Sunday, March 15, 2020

4th Commandment or 6th Commandment—Not Either/or, but Both/and

Why was it that more than a month after South Korea had SARS-CoV-2, roughly half of the cases in that nation were from one Christian congregation?

I am passionately devoted to gathering for public worship. I'm not even a "morning and evening" guy so much as a "morning and evening and before and between and after" guy—think Eutychus and such.

I think that the Westminster Larger Catechism got the 4th commandment right, and that there are not nearly so many "deeds of necessity" as people think and that the "deeds of mercy" ought to follow Christ's own deeds of mercy in being particularly aimed at enabling and relieving those whose conditions are hindering them in worshiping Him.

But I still think that if you had the opportunity to know better, being a "patient 31" (see the article) violates the 6th commandment.

There are many types of providential hindrance to gathering that are not tantamount to forsaking the assembly (consider shut-ins, for instance). And, because I also happen to think Westminster got it right on the 6th commandment as well as the fourth, I considered myself providentially hindered today.

If you are wrestling with these things, I encourage you to consider as well as you can from the Scripture and the help of your elders, and out of love to God and brother, just make a decision according to conscience. And let those who have done so be slow to judge others who did the same and came to the other conclusion.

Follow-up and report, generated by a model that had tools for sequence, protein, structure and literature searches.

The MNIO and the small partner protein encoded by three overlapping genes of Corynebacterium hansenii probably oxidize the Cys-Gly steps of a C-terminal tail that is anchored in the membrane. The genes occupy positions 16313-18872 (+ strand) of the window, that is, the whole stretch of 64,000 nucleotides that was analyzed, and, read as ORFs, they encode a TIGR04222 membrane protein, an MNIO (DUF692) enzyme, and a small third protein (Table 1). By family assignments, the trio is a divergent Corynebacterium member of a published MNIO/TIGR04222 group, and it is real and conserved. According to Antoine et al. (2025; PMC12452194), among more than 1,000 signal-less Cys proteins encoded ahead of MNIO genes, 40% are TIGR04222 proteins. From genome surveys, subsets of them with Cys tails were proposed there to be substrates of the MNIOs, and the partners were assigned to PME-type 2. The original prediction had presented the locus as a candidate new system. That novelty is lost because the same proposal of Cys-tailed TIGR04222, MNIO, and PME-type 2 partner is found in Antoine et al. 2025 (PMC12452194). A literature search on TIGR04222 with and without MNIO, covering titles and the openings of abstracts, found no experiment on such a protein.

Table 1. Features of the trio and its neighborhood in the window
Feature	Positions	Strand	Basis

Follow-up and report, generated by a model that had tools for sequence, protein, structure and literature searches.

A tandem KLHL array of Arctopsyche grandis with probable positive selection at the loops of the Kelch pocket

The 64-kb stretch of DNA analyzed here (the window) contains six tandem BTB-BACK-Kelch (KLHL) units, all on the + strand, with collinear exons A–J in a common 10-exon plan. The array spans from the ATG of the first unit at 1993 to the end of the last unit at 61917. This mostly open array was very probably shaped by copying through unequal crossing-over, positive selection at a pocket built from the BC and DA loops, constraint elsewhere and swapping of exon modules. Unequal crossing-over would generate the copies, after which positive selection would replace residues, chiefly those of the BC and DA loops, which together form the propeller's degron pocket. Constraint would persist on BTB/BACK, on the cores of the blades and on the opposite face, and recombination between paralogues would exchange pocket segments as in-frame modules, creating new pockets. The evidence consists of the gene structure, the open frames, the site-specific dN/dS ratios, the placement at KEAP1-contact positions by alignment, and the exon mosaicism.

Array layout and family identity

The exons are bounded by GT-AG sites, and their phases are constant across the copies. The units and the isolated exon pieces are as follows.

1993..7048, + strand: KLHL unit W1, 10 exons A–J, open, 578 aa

For more on ways I think that we should be responding, you may wish to read yesterday's pastoral letter (with apologies to many pastors and Sessions, whose letters and thoughts informed and shaped my own).

Thursday, March 12, 2020

Rocks in the Tumbler as a Disease Spreads

The disease which I reference in the title is fear, anxiety, and panic. Far more infectious and harmful than COVID-19. Not that the latter isn't plenty of both. Just that the former is plenty worse.

Disclaimer: I haven't really processed much, so these aren't really settled thoughts. More like directions that things are going. You can just see the inertia of the shape and tone.

I mentioned to someone yesterday that I might preach a one-off on a Christian response to plague when I get back (I'm out of the pulpit until at least 22-March), and this was what I gave as the way my thoughts were going. It's still the same direction, despite panic around here having doubled (UMich hospital got its first case yesterday).

I only post here because, in addition to remembering that the Lord continually and completely does to me as a believer according to Christ's worthiness as my Mediator, I think that it is important that our thoughts be proactively shaped by how we ought to respond out of love for Him, our brother, and our neighbor.

I also believe that in addition to the "ordinary" parts of worship and instances (the Lord's Days) of worship, there are those parts (humiliations / fastings / vows / thanksgivings / oaths) and instances that ought to occur upon particular occasions (like a plague) of God's providence. So, a sermon like the one currently tumbling might belong to a special service rather than a coming Lord's Day.

Reminder of disclaimer: this are not settled/fully-digested thoughts.

My thoughts are varied/scattered:
  • Loving your neighbor means not unnecessarily endangering his life (sixth commandment). Precautions have a moral aspect to them.